Which brings us to now, March 2012. Over the last few months we've noticed on occasion that Evelyn will slip into a very labored breathing pattern - lots of noisy snorting, chest heaving, etc. She then resolves the issue on her own and carries on with her day. Typically these episodes don't impact her oxygen saturation, but since they don't look or sound like much fun, we've been watchful of them. About three weeks ago Evelyn got a cold. It was just your average, run of the mill cold, and overall she handled herself well (no scary moments with oxygen dropping, no fevers, etc) but the cold just wouldn't go away. We started her on an antibiotic just in case, and as we were finishing it we came to realize that though the cold symptoms were gone, she was really struggling with her breathing. Anytime she got 'up' to do anything more than lounge and watch movies she would slip into the obstructive breathing pattern - and wasn't able to really recover from it without a breathing treatment or time on the bi-pap.

Well, that's no good. So, we took some video and went to see her pulmonologist. Though I had a litany of potential causes to discuss, as expected it comes down to muscle tone. Evelyn's muscle tone is very low (weak) in general, and that affects the muscles in her mouth, throat and airway as well. This means that the breathing difficulty is occuring because her tongue is ever so slightly slipping back and blocking her airway. Because of her weakness she has trouble pulling her tongue back 'up', which leads to saliva pooling in her mouth. When she finally recovers from the obstruction she then has to deal with swallowing an overload of saliva. Basically this issue is only resolved by placing a trach. We thought in general that Evs might need one someday, but now it seems fairly clear that that day will be sooner than later.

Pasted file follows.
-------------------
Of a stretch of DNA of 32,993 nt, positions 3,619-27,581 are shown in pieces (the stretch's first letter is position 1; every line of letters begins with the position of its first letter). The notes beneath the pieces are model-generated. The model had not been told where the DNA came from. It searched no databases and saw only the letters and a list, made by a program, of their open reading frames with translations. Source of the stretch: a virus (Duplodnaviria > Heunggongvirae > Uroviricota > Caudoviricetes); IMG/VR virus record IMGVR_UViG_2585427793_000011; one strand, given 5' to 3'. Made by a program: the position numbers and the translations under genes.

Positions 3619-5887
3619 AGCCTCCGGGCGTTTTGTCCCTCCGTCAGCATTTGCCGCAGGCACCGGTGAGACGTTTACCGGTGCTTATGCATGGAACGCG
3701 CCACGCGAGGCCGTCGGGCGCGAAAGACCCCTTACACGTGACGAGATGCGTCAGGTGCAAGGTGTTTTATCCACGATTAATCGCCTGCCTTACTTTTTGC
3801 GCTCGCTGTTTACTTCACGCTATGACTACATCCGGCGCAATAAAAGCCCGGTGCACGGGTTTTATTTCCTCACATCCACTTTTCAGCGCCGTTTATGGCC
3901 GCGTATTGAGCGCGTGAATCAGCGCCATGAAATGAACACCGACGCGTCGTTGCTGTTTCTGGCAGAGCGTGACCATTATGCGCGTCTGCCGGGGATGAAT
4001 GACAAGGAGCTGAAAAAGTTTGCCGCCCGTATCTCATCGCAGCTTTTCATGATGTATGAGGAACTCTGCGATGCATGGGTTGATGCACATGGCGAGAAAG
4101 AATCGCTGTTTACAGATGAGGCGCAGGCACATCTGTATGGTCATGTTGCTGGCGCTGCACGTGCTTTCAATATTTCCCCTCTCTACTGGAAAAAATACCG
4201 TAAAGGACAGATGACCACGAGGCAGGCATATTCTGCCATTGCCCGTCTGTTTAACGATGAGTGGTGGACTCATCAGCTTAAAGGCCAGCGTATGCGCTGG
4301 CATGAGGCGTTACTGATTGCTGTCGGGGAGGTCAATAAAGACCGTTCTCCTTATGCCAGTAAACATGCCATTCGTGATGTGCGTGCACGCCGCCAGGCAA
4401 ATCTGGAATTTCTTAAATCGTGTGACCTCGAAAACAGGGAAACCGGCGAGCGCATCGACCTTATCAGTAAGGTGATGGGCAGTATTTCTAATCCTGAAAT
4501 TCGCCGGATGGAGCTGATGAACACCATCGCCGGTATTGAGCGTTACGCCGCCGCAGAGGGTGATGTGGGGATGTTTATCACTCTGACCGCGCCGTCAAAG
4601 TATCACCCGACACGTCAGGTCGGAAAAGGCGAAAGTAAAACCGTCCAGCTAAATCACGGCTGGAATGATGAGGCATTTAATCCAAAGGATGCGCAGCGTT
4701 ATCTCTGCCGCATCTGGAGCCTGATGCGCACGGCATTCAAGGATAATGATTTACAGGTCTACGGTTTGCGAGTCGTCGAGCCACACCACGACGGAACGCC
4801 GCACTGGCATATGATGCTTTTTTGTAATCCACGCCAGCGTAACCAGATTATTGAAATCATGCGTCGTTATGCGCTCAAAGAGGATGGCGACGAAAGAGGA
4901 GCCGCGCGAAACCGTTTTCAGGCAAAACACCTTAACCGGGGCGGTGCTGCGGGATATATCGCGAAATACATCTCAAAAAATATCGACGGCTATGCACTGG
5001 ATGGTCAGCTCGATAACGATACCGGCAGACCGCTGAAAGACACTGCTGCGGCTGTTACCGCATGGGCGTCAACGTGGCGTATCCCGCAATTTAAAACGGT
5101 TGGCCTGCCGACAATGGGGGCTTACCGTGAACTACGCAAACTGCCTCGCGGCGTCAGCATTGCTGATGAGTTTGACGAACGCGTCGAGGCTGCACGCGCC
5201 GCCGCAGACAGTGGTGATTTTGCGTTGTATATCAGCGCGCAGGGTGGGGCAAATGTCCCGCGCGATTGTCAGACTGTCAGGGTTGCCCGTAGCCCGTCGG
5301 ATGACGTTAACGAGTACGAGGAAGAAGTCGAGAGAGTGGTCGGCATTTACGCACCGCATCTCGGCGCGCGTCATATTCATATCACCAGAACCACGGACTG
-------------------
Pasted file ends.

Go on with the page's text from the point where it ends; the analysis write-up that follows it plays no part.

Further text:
We will have a follow up appointment in two weeks to discuss how she's doing and what the plan will be going forward. We need to spend the next two weeks evaluating her breathing - how frequently is she obstructing? for how long? does it affect her o2 or heart rate? how is it resolved - position change, self correct, etc? The answers to these questions will give us a good idea of when the surgery will need to occur. My expectation is that it will be needed in the next couple of months, as I'm just not seeing her improve after this illness the way I'd expect.

In general we are so thankful that a trach is an option for Evelyn, and we're glad we've caught these issues before they became worse. Of course surgery is scary, and we worry for Evelyn - both for her health and that she will feel 'okay' about going through all of this. We want her to have a happy life, and to be as healthy as she can be. It does make us sad, because the need for a trach is yet another reminder of how medically fragile Evelyn is, and of how fleeting life is for us all. Having a trach is highly likely to greatly improve her quality of life, and will likely extend her life significantly as well - so that's why we feel its the right choice.

We hope the few people that still read this - or that start reading it - we be praying for our family and sending good thoughts our way.